Annnnd it’s also the only time of year you see those weird cousins with the mullets and eat so much your eyes cross. It isn’t always easy to navigate the deep waters of extended family and sweet potato casseroles.
Your snarky second cousin eyes that empty ring finger and starts quizzing you on your dating status.
Laugh knowingly, slap her on the knee and say “Ohhh, you! Now tell me where you got this great applique sweatshirt! I love that penguin pilgrim!”
Creepy Uncle Joe has a few too many glasses of Thanksgiving Bud Light and decides that you need a back massage.
Give him the dead eye and say, “You know what I’m thankful for this year? Personal boundaries.”
Your sister’s tiny darlings more closely resemble gremlins and spend the afternoon climbing all over you, screaming about grandma’s lack of Wii and torturing the family pet.
Devotedly wait for the tryptophan to kick in. Failing that, perform the 1-2 punch of playground time followed by a darkened movie theater. Works every time. At least, it works on me.
Aunt Judy brought her famous ‘Sunshine Salad’ which consists of orange jello, grated carrots, mayonnaise, and raisins. You’d rather chew off your arm.
Make sure she’s looking while you take one bite and enthuse “Mmmmm! That sure is something!” Hide the rest of it under your baked potato skins.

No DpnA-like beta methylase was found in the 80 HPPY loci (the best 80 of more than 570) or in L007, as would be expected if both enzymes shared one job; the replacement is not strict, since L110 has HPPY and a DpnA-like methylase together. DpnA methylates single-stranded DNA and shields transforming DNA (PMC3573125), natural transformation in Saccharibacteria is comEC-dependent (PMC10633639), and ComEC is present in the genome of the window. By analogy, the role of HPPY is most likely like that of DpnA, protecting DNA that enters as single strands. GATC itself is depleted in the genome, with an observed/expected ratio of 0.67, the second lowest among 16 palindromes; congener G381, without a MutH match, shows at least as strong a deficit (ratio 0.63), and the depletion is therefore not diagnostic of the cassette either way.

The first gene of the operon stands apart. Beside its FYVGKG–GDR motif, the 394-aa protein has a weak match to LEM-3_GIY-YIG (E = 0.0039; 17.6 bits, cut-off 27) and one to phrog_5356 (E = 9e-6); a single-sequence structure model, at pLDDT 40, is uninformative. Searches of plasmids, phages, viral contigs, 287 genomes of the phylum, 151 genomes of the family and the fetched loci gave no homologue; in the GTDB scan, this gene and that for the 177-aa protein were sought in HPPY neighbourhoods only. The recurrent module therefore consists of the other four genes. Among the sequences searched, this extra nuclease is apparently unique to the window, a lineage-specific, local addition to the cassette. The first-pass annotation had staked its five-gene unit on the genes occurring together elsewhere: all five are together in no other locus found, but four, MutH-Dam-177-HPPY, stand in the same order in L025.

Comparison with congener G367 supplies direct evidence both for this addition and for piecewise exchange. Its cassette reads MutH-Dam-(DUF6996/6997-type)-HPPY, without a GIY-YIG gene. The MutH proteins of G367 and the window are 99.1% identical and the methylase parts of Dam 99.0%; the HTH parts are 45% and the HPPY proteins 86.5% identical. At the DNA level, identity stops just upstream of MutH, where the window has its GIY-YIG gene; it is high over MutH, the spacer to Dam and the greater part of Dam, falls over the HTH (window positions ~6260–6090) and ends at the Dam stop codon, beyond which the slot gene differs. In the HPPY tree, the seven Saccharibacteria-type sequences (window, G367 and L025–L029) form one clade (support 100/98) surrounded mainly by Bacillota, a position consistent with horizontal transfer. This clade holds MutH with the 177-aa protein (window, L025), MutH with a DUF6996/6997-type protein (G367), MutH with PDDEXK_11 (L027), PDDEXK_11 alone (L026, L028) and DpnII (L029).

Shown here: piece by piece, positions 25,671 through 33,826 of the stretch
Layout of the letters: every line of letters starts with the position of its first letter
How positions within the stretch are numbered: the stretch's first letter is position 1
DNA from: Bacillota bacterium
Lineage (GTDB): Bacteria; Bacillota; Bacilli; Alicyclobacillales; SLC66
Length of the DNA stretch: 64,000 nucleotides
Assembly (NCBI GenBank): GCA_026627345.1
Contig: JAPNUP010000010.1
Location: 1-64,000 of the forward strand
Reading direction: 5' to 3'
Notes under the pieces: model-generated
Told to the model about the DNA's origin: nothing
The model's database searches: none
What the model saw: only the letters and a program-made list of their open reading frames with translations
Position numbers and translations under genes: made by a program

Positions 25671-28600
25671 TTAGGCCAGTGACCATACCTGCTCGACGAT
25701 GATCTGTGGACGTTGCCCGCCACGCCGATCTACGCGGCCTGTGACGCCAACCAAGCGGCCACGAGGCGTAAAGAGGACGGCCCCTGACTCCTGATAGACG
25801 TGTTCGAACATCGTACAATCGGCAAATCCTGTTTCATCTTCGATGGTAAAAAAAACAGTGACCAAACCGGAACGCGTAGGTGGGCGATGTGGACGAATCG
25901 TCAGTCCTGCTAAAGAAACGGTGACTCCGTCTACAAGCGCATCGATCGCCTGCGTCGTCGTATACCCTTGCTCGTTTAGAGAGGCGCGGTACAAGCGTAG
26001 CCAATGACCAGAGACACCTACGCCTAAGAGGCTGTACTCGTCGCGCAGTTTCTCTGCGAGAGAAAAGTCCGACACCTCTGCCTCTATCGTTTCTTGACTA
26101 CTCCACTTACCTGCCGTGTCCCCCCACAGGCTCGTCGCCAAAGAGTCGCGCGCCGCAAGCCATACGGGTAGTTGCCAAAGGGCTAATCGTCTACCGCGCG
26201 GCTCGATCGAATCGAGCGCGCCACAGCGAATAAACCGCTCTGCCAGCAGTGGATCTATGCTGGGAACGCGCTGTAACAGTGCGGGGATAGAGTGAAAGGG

The host of the meal is acting the martyr, rushing about, sighing dramatically and refusing help from anyone.
Sidle into the kitchen and compliment your host on her excellent taste in aprons. Don’t ask, just join in the chopping while you regale your host with hilarious anecdotes of Thanksgivings past. Graciously thank her for including you in the festivities and tell her how much it means to you to spend time with these people you love.
You’ve stuffed yourself to near sickness and are now wallowing on the sofa like Al Bundy, torturing yourself with visions of the elliptical machine.
Have a cup of coffee and go for a walk. Better yet, change into the post-dinner outfit you brought of yoga pants and a concert t-shirt.
How do you deal with days of extended family and gastronomic excess?
P.S. A book that’s helpful year-round, but ESPECIALLY this time of year: Set Boundaries, Find Peace.